Buddhism offers “effective methods that lead to a direct experience of mind,” says Lopon Tsechu Rinpoche, one of the most experienced teachers of Tibetan Buddhism. Buddha’s teachings are like a diamond – unchangeable in nature, yet reflecting the color of the ground upon which it is laid. In this way, without losing their essence, the teachings have adapted to the cultural conditions of different societies and times.
The teachings were first transmitted in India for 1500 years, and after that for another 1000 years in Tibet. Today, the limitlessness of the Diamond Way (Vajrayana) Buddhist view and its methods are more and more appealing to the well educated and independent people of the West.
There are now over 600 meditation centres in 44 countries worldwide, with active and energetic centres in North and South America, Russia, Europe, the UK and Oceania. Lama Ole Nydahl works with these meditation centres under the spiritual guidance of the 17th Karmapa, Thaye Dorje.
Diamond Way Buddhism in the west
Diamond Way meditation centres have a democratic structure and function through unpaid, voluntary work on the basis of friendship and idealism. Members share the responsibility for guiding meditations, answering questions and giving teachings. More than 200 of Lama Ole Nydahl’s students are now travelling and teaching in many countries.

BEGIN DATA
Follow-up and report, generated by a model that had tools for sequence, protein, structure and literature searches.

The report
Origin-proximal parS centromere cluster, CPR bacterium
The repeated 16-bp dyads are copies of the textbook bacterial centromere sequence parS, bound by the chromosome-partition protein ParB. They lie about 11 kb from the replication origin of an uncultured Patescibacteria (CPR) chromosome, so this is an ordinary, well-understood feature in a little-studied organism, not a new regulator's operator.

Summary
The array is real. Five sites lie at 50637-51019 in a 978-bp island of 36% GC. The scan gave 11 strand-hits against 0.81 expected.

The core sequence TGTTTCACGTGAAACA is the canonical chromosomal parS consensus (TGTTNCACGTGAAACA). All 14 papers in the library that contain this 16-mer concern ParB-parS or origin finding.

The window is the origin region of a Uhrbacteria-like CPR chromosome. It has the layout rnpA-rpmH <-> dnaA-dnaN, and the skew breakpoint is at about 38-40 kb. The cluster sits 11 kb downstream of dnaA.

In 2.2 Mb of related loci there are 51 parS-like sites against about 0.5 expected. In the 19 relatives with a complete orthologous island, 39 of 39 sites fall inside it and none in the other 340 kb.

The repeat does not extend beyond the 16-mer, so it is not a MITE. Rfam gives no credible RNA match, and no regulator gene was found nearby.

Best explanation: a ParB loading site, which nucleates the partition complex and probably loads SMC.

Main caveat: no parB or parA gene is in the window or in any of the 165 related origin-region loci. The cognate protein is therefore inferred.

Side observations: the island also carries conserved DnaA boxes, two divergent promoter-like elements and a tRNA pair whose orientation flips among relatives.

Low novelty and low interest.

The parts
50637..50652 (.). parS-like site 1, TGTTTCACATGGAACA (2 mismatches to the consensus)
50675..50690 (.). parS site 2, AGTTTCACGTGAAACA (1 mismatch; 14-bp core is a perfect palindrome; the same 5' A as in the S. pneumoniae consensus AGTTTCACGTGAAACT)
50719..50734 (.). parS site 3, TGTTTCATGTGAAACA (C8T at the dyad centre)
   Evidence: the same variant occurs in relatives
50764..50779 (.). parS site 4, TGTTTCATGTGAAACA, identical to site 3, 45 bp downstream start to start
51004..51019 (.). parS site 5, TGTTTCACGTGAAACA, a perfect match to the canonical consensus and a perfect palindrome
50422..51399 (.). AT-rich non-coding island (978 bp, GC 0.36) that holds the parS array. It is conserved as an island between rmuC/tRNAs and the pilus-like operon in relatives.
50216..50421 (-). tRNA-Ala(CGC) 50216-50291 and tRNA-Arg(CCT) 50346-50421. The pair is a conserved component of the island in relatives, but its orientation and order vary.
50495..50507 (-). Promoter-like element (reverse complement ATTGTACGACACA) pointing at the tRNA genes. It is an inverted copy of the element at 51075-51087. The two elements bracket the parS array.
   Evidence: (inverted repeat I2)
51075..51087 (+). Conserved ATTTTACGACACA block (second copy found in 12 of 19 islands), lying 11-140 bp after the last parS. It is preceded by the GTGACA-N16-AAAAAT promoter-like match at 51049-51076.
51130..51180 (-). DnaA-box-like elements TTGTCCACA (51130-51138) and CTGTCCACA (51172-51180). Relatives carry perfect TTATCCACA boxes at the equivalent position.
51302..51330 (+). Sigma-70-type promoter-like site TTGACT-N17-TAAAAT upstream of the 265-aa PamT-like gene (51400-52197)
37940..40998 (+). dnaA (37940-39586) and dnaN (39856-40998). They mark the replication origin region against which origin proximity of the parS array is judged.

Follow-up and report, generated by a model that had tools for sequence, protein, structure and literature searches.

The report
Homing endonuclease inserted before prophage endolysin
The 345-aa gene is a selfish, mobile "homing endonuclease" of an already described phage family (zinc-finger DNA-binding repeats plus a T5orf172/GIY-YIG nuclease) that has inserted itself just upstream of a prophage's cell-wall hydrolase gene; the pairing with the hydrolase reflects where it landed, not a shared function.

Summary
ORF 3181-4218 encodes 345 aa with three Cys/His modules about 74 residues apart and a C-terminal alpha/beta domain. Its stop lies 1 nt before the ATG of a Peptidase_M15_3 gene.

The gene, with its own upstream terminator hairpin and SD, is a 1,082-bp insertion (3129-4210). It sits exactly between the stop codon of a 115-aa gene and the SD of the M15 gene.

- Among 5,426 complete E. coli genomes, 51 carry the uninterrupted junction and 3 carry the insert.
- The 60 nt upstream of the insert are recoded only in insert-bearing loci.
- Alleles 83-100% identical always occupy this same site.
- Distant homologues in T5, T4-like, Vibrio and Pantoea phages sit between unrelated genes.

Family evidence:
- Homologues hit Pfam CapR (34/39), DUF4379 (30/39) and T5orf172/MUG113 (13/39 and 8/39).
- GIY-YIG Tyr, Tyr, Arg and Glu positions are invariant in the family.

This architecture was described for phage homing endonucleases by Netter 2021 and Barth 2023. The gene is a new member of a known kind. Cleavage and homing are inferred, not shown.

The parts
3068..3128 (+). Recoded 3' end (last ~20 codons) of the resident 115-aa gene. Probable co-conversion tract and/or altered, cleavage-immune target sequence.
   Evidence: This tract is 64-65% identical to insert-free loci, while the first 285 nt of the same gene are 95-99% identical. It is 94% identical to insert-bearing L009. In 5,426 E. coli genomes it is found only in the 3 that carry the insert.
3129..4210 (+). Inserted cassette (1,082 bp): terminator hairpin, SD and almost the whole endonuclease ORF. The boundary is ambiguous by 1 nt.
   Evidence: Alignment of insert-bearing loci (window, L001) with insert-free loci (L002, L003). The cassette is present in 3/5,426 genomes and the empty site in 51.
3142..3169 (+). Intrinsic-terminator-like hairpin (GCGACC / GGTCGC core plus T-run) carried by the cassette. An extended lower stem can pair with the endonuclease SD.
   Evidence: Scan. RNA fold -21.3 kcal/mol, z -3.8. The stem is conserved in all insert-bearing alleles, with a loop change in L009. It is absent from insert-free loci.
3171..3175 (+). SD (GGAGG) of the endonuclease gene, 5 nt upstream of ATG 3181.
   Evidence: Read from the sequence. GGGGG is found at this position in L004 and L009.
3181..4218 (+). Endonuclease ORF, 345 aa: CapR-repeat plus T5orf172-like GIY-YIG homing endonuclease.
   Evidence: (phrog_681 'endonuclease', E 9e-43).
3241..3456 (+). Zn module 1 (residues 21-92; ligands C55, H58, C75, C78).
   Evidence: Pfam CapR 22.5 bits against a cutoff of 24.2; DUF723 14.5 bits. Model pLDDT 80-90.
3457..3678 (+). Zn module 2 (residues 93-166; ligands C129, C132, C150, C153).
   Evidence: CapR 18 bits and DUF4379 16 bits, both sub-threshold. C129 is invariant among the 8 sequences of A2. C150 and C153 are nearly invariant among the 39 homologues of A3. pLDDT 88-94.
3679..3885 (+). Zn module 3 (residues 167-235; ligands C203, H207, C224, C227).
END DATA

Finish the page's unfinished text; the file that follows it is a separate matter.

The Karma Kagyu School offers practical teachings applicable to everyday life. A wealth of methods are available for lay people and yogis to develop mind’s inherent richness and clarity, both through meditation and in one’s daily activities. The ‘roof’ of the self-liberating Mahamudra or Great Seal is supported by three pillars: verifiable non-dogmatic teachings, meditation, and the means to solidify the levels of awareness which have been attained. The Diamond Way offers the modern world the most skillful methods of the Buddha. It helps us discover and develop our inner richness, for the benefit of all beings and ourselves.